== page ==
By G C Mays
Just two days after the announced breakup of the joint venture between OAO Uralkali (OTC:URALL) and Belaruskali stunned the global fertilizer industry, Intrepid Potash (IPI) reported Q2 revenues that were 6 percent lower than a year ago and YTD revenues that were 9 percent lighter than the first six months of 2012. The announced breakup of the joint venture did a lot more damage to the stock price than the earnings report. Intrepid Potash stock plunged by 28.5 percent to close at $13.89 on July 30 before bottoming out on August 6 at $11.51 a share as fears about falling global potash prices added to growing concerns about how already declining crop prices were going to affect farm economics.
The same macro economic factors that impact its larger North American competitors Mosaic (MOS), Agrium (AGU) and Potash Corp. (POT) impact Intrepid Potash. These factors are commodity prices, inventory levels in the distribution channel, farm economics, weather and raw material availability and cost. Additionally, domestic potash prices are heavily influenced by Canpotex, the Canadian marketing arm of Mosaic, Agrium and Potash Corp. This makes Intrepid Potash more reactionary and thus more speculative than its competitors as its size adds more downside risk in my opinion.
The earnings report certainly did not help matters but should not have been a surprise to those who follow the industry closely. Despite higher year over year production and flat to higher tons sold during Q2, lower pricing for Muriate of potash, which typically accounts for more than 80 percent of tons sold, caused revenues to sag.
As shown in figure 1, the company's Langbeinite product, which it markets as Trio, has maintained strong pricing in 2013. This product is enjoying stable to rising prices and tons sold as interest in the product grows. However, its share of total tons sold is small, ranging between 9 percent and 22 percent of total tons sold in a given quarter since 2011. The target market for this product are the agriculture and animal feed markets.
Business cycle margins in the industry peaked in 2011, a year in which Intrepid Potash's average price per ton for potash reached $497 per short ton in Q4 of the same year. Figure 2 illustrates deteriorating operating margins over the most recent business cycle as well as recent changes in liquidity and solvency ratios.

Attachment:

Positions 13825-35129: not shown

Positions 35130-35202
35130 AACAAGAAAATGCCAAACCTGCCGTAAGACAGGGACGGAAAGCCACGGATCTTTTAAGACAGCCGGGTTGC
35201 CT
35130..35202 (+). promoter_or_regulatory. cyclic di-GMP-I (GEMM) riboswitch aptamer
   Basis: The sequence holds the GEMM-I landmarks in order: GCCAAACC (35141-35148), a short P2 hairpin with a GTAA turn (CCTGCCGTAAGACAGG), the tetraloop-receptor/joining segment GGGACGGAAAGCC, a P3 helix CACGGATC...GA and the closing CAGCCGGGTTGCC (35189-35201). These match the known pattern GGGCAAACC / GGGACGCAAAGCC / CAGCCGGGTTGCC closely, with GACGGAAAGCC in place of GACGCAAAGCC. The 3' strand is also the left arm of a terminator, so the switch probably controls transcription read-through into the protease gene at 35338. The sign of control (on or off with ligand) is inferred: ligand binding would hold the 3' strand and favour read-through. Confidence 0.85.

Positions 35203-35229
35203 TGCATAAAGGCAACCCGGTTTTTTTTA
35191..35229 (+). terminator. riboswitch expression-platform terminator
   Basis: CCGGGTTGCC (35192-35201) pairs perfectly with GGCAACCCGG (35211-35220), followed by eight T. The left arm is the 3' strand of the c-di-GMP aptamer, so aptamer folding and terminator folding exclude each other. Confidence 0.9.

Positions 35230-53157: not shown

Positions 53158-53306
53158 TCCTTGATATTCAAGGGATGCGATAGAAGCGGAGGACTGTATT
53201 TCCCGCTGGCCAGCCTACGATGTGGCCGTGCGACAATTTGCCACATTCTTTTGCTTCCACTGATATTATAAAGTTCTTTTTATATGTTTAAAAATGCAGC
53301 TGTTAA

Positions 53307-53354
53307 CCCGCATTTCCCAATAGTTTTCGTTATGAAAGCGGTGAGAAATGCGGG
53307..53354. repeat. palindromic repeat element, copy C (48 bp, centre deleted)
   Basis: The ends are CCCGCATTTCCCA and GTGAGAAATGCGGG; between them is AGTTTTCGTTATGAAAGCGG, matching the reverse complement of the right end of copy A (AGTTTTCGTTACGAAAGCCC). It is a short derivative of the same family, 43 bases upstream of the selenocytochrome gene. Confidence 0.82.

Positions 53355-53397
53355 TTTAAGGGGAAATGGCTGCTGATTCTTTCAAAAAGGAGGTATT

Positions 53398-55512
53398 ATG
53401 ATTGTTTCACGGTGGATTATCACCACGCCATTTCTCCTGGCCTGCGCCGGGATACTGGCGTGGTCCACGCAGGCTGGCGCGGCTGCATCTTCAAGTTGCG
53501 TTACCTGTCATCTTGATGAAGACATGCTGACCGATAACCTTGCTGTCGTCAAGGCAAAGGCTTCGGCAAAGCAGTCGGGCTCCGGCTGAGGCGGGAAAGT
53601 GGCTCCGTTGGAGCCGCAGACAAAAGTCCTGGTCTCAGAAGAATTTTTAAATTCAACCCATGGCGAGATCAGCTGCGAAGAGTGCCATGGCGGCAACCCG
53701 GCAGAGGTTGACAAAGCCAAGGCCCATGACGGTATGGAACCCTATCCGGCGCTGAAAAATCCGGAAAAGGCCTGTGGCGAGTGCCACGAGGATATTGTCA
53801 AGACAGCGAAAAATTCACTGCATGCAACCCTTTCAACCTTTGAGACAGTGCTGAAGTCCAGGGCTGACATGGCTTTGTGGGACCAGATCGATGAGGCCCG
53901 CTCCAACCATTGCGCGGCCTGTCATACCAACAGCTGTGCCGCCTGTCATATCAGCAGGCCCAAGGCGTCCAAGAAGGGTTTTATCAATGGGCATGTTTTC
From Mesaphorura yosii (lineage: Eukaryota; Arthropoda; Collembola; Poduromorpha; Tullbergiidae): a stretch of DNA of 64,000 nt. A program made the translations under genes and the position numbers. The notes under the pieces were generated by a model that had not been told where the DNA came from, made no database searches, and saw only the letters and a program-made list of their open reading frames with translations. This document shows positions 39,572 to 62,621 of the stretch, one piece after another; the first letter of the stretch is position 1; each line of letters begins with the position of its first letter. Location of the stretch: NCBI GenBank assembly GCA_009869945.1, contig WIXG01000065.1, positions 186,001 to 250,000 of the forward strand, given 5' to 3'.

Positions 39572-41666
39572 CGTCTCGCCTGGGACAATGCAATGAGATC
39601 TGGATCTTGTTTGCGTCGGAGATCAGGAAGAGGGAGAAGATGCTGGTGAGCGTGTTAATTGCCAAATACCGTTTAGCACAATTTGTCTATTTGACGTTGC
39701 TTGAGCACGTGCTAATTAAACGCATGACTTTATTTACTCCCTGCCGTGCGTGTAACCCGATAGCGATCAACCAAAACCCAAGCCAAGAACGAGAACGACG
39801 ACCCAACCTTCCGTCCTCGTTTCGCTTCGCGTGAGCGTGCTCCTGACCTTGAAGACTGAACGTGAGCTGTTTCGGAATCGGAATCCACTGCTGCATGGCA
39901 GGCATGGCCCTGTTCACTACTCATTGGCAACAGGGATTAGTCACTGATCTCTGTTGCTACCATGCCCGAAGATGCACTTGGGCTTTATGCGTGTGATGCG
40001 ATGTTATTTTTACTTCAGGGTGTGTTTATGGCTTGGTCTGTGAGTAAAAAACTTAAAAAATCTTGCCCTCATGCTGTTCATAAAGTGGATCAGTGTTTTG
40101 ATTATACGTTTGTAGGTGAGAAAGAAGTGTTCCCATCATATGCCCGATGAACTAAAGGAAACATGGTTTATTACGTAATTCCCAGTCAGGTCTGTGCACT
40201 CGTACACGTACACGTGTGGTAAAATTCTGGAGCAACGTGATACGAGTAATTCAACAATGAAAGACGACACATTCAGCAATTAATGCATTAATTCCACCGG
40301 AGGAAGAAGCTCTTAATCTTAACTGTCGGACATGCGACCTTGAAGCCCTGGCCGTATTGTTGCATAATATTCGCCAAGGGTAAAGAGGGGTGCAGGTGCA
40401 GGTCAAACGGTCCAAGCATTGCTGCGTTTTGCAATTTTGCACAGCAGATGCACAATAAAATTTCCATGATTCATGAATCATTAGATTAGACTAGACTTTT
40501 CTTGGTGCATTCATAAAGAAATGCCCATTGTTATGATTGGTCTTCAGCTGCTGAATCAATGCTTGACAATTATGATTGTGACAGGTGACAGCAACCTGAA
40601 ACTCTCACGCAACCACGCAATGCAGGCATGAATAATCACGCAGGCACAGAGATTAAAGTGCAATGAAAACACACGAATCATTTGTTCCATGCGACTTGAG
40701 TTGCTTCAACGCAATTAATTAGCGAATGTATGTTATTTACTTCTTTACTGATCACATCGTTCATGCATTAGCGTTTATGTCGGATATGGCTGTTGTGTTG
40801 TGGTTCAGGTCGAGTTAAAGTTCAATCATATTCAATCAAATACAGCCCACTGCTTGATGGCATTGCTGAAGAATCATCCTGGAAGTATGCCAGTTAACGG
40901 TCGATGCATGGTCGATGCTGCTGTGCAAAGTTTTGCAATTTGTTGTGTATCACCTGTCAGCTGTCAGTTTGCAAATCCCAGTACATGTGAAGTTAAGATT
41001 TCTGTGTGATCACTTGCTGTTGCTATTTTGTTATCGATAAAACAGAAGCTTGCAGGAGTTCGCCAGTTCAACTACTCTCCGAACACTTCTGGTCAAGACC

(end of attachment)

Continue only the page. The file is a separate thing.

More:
Despite falling profitability ratios, the company enjoys a strong balance sheet. With solid liquidity and solvency ratios, the company is ready for the tough road ahead in its short to intermediate term future. Potash Inventories in North America remain well above the 5-year average and have recently risen above prior year levels after keeping pace early in the year.
Intrepid Potash also has higher than normal inventories. At $70.7 million, that is 20 percent above year ago levels. While they have sold just about all the muriate of potash it produces, it has produced more Langbeinite than it has sold. While the large Canadian producers have begun to embrace a consignment model as well as sharp production cuts, management at Intrepid Potash do not think it is the best way to discover price. Recent history has created the current environment. In late 2008 potash prices quickly soared to nearly $900 a ton before crashing just as fast during early 2009, burning fertilizer dealers badly on price. Given that history a consignment model, at least for the time being, is probably the best compromise producers and dealers could make.
Despite the recent drop in the stock price, a recent closing price of $14.24 values the stock at or near fair value compared to peers, in my opinion. The company is trading at a price to sales ratio of 2.5 that is below the group average of 3.8. However, a leading PE 30.3, which is well above the group average of 18.5 concerns me from a valuation standpoint. Only another outsized move to the downside compared to the group would cause me to look at the valuation again. The stock typically does not lead, but follows its larger global competitors as the industry moves through its cyclical peaks and valleys. However, it may be awhile before the industry starts growing profits again.